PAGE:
Also, it's .. not a single point of failure, but a massive number of points of total collapse. It seems to me it would never grow to such a point, because some disaster would wipe it out long before.

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    Default Re: What loss rate of starships would prevent interstellar shipping?

    Quote Originally Posted by Kaptin Keen View Post
    Oh sure, all of it can be done. But the amount of work required seems .. you know, it seems like it would be easier and more effective all around to not put 100 billion people on one planet. Spread them out a bit, make it less of a logistical nightmare.

    Also, it's .. not a single point of failure, but a massive number of points of total collapse. It seems to me it would never grow to such a point, because some disaster would wipe it out long before.
    Well, ya, that's kinda Hari Seldon's point and the jumping off point of Foundation. The whole thing is completely unstable and close to collapse and about to usher in a 30,000 year long dark age.

    And... I mean, most modern cities are not self-sustaining. Not even close. They require a constant infusion of food and water and electricity from outside. And things do sometimes go wrong and people do sometimes die because there isn't enough food or the water gets cholera-infected or the power is out for weeks. But the usual response is "We will rebuild!" not "Oh no, we must all become rural farmers!" Cities grow for the same reason Trantor grew -- it's convenient to have all the people trying to work together in the same physical area.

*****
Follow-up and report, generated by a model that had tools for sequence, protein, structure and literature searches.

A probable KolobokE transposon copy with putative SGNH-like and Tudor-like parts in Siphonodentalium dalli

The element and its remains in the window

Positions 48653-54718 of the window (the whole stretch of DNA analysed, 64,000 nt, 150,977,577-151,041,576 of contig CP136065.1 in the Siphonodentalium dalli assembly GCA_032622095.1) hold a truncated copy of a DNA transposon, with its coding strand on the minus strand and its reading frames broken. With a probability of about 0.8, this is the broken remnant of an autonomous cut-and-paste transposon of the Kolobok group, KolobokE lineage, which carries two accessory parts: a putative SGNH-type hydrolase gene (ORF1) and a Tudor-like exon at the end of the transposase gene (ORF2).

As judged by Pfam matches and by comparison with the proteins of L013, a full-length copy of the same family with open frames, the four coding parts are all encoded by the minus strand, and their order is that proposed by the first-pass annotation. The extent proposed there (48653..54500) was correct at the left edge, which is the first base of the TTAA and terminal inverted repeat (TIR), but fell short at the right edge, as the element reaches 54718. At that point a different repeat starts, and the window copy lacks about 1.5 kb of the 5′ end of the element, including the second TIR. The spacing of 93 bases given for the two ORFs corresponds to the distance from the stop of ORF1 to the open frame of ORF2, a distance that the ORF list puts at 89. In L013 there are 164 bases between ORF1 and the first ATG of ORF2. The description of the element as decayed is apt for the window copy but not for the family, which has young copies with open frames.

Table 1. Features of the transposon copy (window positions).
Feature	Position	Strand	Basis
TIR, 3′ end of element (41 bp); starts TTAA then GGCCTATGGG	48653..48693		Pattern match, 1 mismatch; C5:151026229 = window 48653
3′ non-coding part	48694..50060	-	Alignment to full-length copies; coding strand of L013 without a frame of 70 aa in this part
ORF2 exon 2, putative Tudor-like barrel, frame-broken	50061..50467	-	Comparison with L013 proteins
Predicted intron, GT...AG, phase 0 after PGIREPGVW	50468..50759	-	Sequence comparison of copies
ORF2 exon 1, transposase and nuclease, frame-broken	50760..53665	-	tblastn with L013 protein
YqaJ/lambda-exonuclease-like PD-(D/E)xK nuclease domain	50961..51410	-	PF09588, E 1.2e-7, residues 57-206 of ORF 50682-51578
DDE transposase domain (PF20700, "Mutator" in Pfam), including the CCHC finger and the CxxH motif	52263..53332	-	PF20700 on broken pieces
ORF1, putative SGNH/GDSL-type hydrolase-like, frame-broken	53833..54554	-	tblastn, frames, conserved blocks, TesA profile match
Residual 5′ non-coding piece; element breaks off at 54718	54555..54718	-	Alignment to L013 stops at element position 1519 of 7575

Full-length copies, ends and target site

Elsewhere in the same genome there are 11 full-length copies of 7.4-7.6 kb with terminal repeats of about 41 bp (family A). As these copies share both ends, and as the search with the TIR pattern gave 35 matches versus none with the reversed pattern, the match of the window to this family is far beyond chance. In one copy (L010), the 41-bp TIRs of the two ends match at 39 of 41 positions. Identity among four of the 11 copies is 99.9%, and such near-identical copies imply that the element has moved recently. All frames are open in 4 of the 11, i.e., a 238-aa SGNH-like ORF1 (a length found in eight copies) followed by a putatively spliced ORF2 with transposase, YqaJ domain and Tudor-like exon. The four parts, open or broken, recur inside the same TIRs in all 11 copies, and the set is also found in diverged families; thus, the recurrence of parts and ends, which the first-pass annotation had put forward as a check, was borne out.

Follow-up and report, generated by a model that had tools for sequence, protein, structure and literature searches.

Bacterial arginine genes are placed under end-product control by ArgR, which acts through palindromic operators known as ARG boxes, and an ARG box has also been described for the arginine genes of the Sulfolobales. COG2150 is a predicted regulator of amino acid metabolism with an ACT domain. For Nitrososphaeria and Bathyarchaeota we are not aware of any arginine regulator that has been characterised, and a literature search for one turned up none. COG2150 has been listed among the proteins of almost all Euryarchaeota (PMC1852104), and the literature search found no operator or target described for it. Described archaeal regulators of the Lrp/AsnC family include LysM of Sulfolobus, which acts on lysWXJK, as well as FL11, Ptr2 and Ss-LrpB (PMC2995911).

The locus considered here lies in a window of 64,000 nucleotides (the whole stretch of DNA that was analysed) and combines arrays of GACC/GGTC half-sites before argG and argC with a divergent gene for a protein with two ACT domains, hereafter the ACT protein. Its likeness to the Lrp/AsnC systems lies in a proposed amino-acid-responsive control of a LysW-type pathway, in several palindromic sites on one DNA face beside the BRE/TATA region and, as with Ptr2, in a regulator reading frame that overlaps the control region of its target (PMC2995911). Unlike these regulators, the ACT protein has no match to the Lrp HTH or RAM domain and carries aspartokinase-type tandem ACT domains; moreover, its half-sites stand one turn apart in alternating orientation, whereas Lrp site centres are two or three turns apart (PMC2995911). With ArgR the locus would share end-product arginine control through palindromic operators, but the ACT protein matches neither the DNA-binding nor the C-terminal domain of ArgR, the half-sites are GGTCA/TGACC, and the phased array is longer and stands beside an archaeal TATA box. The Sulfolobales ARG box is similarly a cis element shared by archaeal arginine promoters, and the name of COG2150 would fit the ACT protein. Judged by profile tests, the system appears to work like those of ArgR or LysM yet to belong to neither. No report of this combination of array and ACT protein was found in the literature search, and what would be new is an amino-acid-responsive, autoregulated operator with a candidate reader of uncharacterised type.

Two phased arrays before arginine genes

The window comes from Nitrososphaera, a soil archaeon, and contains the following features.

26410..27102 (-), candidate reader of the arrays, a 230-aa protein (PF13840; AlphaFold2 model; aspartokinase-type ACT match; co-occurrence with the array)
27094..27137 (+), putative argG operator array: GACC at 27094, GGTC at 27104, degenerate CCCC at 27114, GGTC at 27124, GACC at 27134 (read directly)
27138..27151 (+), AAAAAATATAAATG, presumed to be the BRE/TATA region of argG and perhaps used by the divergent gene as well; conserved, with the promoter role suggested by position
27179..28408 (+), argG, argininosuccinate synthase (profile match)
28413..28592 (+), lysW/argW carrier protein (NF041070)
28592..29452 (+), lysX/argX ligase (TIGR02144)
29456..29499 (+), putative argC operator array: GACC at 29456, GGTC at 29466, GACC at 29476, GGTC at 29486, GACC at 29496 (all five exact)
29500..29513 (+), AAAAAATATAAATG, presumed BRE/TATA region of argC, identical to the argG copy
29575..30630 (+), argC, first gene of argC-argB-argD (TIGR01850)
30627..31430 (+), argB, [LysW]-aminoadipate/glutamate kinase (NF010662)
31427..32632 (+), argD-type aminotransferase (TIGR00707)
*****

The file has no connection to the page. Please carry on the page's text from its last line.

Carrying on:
Last edited by Sermil; 2020-10-25 at 06:25 PM.

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    Default Re: What loss rate of starships would prevent interstellar shipping?

    Quote Originally Posted by Sermil View Post
    And... I mean, most modern cities are not self-sustaining.
    If you define the city as the borders of the city itself, that's every city ever.

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    Default Re: What loss rate of starships would prevent interstellar shipping?

    Quote Originally Posted by CharonsHelper View Post
    If you define the city as the borders of the city itself, that's every city ever.
    Yep. All Asimov did was expand that concept to a whole planet, and had the "outlying farms" that feed modern cities be "outlying planets" instead. And even with that, the whole point, as Sermil says, was that the system had grown past sustainability. That it was unsustainable is not a bug, it is the whole reason it was mentioned.

    (Also, the planet, like Earth, was mostly covered in oceans. When it is described as "covered in a single city", it does not mean every surface, only the solid ones)